This cacophany of tools and parts is the homebase where Rorie and his art collective are putting final touches on the 40-foot art piece they call the Raygun Gothic Rocket.
"To us these are big toys. Big erector sets. And then we get to go out and put em together," Rorie said.
The massive silvery rocket first turned heads at the annual BurningMan arts festival in the Nevada desert. Now Rorie and the art collective known as "5 Ton Crane" are installing the piece on San Francisco's Embarcadero where it will remain for the next 14 months.
The massive vessel is straight out of a Jules Verne novel -- a nod to the genre of science fiction that gave way to the steam punk movement.
"Everyone that worked on the rocket is in some way a huge science fiction geek, and a science fan," Rorie admits.
Rorie himself is a former research scientist who says he grew tired of having little physical evidence of his long hours in the lab. Now his search for a creative outlet has lead to a silvery vessel that looks ready to blast off any second.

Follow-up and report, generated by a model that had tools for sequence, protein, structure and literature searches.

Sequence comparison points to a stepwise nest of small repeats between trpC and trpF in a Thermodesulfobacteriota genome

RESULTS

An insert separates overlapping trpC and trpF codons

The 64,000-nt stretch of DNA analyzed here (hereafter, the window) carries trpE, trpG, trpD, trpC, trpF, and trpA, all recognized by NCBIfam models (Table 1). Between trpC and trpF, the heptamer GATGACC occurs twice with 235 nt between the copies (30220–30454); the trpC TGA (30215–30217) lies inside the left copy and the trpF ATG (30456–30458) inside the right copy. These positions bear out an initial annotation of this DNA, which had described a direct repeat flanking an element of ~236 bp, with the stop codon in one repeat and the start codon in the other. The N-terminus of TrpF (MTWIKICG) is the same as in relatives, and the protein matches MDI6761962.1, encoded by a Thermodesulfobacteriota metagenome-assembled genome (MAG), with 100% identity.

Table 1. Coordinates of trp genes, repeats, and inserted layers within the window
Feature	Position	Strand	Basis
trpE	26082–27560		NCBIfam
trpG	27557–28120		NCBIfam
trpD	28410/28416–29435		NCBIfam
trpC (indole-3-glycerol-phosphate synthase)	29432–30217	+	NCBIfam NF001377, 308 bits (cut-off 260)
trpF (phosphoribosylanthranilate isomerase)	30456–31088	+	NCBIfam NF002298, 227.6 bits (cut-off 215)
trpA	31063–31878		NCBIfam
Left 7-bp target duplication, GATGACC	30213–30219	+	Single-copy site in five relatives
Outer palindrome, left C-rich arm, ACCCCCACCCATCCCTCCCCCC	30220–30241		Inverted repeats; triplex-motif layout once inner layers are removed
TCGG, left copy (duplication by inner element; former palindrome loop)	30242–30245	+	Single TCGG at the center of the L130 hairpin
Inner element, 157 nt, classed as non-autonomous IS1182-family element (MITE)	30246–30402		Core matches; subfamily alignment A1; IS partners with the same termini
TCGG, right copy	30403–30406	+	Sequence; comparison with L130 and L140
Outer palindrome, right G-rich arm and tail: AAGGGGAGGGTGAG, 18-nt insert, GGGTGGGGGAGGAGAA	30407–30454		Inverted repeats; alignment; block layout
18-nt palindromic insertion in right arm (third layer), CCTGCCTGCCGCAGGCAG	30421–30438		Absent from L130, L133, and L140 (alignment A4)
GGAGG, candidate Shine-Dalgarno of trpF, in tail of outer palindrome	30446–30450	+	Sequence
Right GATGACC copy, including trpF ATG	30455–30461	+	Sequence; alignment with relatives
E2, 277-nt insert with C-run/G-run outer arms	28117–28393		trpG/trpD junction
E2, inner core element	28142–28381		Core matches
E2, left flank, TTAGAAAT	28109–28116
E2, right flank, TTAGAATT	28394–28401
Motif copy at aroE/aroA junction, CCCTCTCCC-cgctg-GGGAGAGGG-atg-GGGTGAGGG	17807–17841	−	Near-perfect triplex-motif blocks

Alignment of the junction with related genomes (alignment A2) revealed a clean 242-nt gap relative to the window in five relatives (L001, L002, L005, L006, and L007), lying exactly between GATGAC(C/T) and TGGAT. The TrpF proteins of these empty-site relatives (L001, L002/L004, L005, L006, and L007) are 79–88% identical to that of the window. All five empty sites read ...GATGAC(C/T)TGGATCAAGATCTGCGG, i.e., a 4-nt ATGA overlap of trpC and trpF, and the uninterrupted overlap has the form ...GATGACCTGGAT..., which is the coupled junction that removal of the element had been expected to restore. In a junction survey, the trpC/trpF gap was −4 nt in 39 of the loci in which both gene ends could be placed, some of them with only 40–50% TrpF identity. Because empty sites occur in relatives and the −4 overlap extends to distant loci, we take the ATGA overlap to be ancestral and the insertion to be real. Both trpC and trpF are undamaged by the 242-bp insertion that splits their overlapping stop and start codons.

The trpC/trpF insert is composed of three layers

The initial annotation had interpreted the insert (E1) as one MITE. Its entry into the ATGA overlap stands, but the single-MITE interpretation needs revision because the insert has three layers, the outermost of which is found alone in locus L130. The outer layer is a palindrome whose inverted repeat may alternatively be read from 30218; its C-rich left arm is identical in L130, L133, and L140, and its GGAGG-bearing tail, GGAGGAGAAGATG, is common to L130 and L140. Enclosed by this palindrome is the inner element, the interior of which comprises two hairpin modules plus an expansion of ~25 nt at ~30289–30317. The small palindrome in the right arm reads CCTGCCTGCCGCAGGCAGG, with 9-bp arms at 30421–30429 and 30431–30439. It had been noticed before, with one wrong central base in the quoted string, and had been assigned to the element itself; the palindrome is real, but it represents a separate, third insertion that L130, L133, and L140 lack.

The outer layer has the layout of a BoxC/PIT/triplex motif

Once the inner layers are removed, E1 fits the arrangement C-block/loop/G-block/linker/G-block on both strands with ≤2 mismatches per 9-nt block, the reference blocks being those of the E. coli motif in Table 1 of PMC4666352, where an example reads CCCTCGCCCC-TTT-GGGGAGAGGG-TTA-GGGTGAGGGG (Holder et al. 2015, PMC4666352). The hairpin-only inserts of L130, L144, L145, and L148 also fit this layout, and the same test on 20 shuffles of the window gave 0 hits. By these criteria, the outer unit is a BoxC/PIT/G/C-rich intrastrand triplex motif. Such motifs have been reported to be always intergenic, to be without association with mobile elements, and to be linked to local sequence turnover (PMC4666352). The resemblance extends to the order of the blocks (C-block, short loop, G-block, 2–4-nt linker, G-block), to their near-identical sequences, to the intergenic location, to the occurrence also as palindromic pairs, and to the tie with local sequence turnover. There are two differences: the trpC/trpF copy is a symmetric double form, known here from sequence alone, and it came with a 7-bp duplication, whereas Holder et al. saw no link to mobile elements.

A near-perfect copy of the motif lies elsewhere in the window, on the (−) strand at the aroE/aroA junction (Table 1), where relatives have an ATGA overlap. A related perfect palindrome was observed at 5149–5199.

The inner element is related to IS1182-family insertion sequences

Rorie reveals a mischevious grin when describing the rocket ship's famous "launch" at BurningMan in which he claims the ship actually rose two inches off the ground in a blast of pyrotechnics. Although the claims are somewhat dubious, he says what's important is that the rocket serve as an inspiration for his fellow dreamers.
"I hope people look at this and say wow," he said. "A bunch of people got together and built this."
The rocket will take-up the empty spot on the Embarcadero the large spider sculpture once occupied. The Port of San Francisco and Black Rock Arts Foundation, BurningMan's public arts wing arranged for the Rocket to move in. The team will install the piece during the night on August 3rd, with a dedication party set for August 6th.
A kiosk Rorie calls the Rocket Stop will give visitors information on the piece as well as "flight times" and "routes." But whether the rocket is indeed "full functional" as Rorie describes, is simply up to the skills of the dreamers who visit it.